While I am working my way through my dad's notes and crazy drawings on maps of the UK I thought I would take this opportunity to introduce myself and give you a little more inside information into the man I am proud to call, Dad.

So we'll start at the beginning, my name is Stacey. Nice to meet you all! I am the eldest daughter of Rich Long, the crazy man walking the British Isles. I am a 23 year old Support Worker from Gloucestershire. I went to university in Aberystwyth, a place dad has passed recently. I am the eldest of dad's three daughters, my sisters are off at university (last year!) at the moment which is why this great responsibility falls upon myself and to be honest with you I love writing blogs, I have tried many times over the years but all kinds of things seemed to get in the way, ah well! I am here now so let's keep this up.

I wish that I could say I always knew everything about me dad, but who truly knows everything about another person? No matter how close you think you are to them. The way I see it, whether you are spouse, boyfriend, girlfriend, sibling, daughter, son, mother, father, there is always some detail, be it little or big, that you don't know about that person. My dad and I have always been very close (much too alike I say!) so I hope that I can say I know him pretty well. However, many things have come to light this past year that I didn't know about my dad. My dad spent a good chunk of his life hiding his troubles and illnesses just so that we, his kids, didn't see it. Who wants to show that side of yourself to your children really? As you all know my dad suffers from PTSD, something I will write about in detail next week. This is not a nice thing to see as a child, or as an adult for that matter. I did not find out about this until the beginning of last year, in a way I am happy that he waited until I was old enough to completely understand. But that's just me.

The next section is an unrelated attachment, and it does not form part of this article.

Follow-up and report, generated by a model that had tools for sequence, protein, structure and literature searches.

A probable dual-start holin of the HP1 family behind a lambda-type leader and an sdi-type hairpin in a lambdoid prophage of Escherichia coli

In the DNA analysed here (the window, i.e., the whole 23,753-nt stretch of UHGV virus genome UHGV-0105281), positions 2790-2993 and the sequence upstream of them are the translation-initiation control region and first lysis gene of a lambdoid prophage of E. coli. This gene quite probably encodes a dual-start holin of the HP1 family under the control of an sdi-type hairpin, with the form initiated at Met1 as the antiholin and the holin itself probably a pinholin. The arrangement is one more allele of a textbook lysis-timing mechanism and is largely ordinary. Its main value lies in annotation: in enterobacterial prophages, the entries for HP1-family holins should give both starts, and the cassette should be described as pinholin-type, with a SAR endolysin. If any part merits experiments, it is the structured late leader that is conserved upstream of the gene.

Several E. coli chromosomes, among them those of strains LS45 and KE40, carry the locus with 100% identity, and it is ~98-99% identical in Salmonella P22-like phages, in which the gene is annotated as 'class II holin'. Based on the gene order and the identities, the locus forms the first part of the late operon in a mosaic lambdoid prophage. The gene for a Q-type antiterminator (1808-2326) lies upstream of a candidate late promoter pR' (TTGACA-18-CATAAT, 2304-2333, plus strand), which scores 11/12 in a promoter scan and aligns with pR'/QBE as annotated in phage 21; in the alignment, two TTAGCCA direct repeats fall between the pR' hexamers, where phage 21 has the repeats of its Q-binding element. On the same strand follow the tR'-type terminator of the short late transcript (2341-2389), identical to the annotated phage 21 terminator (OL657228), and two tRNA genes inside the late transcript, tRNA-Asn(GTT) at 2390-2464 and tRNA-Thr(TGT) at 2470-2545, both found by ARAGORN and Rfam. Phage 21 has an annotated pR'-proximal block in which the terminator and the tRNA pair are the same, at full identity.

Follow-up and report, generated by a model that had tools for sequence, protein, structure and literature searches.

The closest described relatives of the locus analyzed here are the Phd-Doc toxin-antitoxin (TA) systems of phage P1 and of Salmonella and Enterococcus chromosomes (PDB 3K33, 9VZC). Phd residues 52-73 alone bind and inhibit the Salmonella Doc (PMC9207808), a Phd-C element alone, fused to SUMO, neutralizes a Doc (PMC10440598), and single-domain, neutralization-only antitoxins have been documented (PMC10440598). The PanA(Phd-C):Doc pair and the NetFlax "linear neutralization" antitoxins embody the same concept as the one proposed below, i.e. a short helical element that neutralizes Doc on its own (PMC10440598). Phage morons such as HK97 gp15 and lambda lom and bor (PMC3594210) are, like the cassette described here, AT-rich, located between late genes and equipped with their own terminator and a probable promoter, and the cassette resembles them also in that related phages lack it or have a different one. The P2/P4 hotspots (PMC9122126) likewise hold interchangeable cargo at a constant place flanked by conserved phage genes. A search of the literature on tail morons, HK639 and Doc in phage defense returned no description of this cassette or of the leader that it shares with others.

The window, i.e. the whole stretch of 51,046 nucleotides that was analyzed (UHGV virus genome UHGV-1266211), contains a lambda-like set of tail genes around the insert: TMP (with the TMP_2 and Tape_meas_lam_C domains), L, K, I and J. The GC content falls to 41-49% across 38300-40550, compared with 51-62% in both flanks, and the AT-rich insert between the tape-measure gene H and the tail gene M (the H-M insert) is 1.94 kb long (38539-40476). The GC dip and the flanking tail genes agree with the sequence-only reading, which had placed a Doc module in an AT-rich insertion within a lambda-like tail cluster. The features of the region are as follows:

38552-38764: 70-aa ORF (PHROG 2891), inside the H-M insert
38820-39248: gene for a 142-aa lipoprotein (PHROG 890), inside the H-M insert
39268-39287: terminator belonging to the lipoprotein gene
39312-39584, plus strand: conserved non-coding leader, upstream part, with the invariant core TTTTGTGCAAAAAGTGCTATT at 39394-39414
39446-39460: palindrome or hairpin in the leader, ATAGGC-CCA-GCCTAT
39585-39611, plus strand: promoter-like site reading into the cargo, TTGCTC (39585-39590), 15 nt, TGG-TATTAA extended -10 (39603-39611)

You may be wondering at this point; "Aren't you mad that he was never honest about this with you?" and my answer would be no, of course not. How I can possibly be mad at him for trying to protect me? I was a typical teenage drama queen and was going through my own crap, I am fairly sure I wouldn't have been able to deal with his as well. I appreciate that, I will always appreciate that. However, I am so happy that he told me, even if it did take him a long time, because now I am in a position to help him. Even if its only by writing this blog and supporting him.

My dad is a good man, the best man (don't tell him I said that ;)). Don't all daughters say that though? I remember when I started living with my boyfriend about 2 years ago and he said to me "Don't forget that I will always be the most important man in your life!" with a very serious face which I, of course, couldn't help laughing at. But he is right, Dad will always be the only solid man in my life. As much as you don't want to think about it when you are in a committed relationship there is always the chance that something with go wrong. At that point it is your dad that is there, at least, I know mine will be, even if he is half way across the county scaling a mountain he would do everything he could to make sure he got back to me, the same goes for my sisters.

That's just the kind of man my Dad is.